For Catholics, Halloween is a door to All Souls Day, and November, the month of the dead. (More on how to live these days in our book.) Halloween is also an opportunity for children to call the shots.
by Melissa Musick
My two-year-old grandson tells me there is a lion living in my basement. “Let’s go see the lion, Ma-Maw,” he says. I know my part. I cover my face in fear and cry out, “Oh, no! I don’t like having lions in the house! Luc growls, and then lets out a full-throated roar. I scream and he laughs. It’s a good game, one he never tires of playing.
Then I beg Luc to ask the lion to leave. Go back to the zoo or the African savannah, anywhere but my basement. Luc walks out of the room and comes back, his task quickly and bravely accomplished. We are safe until the next wild animal comes calling.
There are real fears in Luc’s life: waking in darkness, and Mama and Papa leaving him with a babysitter, and the word, “No,” spoken to him, not by him, and the actual lion, majestic, in the local zoo.
These things are scary, in part, because he has neither understanding of, or control over, them. He does not understand the cycle of light and darkness. He does not understand why his parents would ever want to leave him, or why they would ever deny him any desire. And real lions are very large and very loud.
Our game gives him the chance to call the shots. He summons the lion and dismisses him, while I, Keeper of the Cookies, am rendered small and sobbing by the spectacle. I am in trouble and Luc rescues me. Like all healthy play, this allows Luc to try out different roles he will need one day when the goblins under the bed belong, not to him, but to the children in his care.
Halloween is this game writ large. Children are allowed outside at night, a time, as every child knows, when he is supposed to be indoors and in bed. Night belongs to adults and scary creatures too terrible to name. Night is when shapes emerge from the closet and when the house, perhaps sprung to life, begins to moan and creak.
We are not a playful people. We might welcome a drunken Mardi Gras, but we would flee from a dancing one.
But on one night of the year — and, in many places, a cold one — children roam the streets. The sidewalks are filled with them, as if, like Luc with the laundry lion, they had taken charge. In this world, on this night, children are the actors and adults the watchers, the flashlight holders and the walking coat racks. Baths and bedtimes wait while armies of masked children ring doorbells and watch as sweets cascade into their bags. They walk about and return home safe, their arms filled with forbidden delights.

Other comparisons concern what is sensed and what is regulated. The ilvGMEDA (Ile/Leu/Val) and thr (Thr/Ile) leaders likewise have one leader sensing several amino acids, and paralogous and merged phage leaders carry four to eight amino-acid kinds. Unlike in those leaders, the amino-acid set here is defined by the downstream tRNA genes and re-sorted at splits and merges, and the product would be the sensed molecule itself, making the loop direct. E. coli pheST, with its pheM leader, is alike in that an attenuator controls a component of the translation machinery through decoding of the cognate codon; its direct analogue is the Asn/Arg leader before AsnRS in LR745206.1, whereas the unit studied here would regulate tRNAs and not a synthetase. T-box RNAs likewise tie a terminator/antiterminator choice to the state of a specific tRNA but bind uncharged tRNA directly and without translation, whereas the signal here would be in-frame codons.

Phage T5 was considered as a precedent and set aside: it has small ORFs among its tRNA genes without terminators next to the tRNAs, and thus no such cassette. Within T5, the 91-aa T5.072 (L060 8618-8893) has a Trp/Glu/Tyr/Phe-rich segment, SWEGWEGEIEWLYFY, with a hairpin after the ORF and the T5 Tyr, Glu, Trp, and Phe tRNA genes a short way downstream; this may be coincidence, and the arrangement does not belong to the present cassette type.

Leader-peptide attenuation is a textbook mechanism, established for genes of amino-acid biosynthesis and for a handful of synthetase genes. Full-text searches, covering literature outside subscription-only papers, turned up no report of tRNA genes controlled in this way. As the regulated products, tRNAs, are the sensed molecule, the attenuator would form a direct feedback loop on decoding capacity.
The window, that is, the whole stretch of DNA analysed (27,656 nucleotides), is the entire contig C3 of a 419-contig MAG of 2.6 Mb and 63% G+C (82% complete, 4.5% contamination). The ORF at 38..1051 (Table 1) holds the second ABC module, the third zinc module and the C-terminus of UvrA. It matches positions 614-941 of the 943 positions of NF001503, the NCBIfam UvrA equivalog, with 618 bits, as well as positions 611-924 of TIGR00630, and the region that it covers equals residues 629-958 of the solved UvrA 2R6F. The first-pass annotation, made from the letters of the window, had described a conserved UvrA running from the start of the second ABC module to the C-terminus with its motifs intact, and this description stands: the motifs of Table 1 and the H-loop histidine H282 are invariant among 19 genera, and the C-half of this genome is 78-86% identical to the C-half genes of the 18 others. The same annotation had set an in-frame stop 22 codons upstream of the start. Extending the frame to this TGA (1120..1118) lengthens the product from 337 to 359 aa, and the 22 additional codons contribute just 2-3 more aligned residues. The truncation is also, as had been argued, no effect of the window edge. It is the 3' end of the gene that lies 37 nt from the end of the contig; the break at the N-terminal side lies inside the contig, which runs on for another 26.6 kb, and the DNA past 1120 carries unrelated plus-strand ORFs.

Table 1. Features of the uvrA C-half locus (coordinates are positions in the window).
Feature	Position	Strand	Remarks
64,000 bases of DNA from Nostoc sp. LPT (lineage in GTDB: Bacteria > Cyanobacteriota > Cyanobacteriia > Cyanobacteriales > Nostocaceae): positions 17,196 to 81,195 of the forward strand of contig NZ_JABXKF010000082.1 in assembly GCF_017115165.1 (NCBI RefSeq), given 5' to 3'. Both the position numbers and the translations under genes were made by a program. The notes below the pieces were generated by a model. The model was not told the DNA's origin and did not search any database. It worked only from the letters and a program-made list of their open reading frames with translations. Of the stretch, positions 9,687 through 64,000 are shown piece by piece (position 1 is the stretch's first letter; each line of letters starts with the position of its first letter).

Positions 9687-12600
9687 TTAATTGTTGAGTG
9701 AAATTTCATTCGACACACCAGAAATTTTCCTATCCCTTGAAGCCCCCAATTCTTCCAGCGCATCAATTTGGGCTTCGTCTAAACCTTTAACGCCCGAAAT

Children are abroad on Halloween, but not as themselves, small and dependent creatures. They walk the streets as princes and princesses, superheroes, knights, cowboys and cowgirls, firefighters, nurses, doctors and astronauts. They roam around dressed as wild animals. They are strong and smart and brave and true. They are fleet. They have superpowers. They are holding the candy.
They are practicing: for independence, for responsibility, for authority. Children need to rehearse their adult lives.
Not all children choose benign masks and costumes. Witches and ghosts and vampires and zombies and some variation on the blood-soaked ax murderer show up at my door each year. As the children grow older the costumes grow more grotesque. Even cheap imitations of violence and death have the power to frighten us. But if children must rehearse their adult lives, adults must remember theirs. Christian adults are those who know that, though death is the last enemy to be destroyed, it will be destroyed.
And still we forget.
Like Luc practicing real courage before the pretend lion, Halloween invites us to practice real faith before pretend death, and real delight before its pretend destroyer.
We are not a playful people. We might welcome a drunken Mardi Gras, but we would flee from a dancing one. We are more comfortable with Lenten ashes than with Easter flames. But Halloween demands that we play. There is simply no other way to keep the day. We are encouraged to mock death and all its slaves, to don masks and disguises, to eat candy and make mischief.
We are encouraged to act as though what we say we believe is, indeed, true: death has no power over us. We do not need to fear, not even in the darkest night.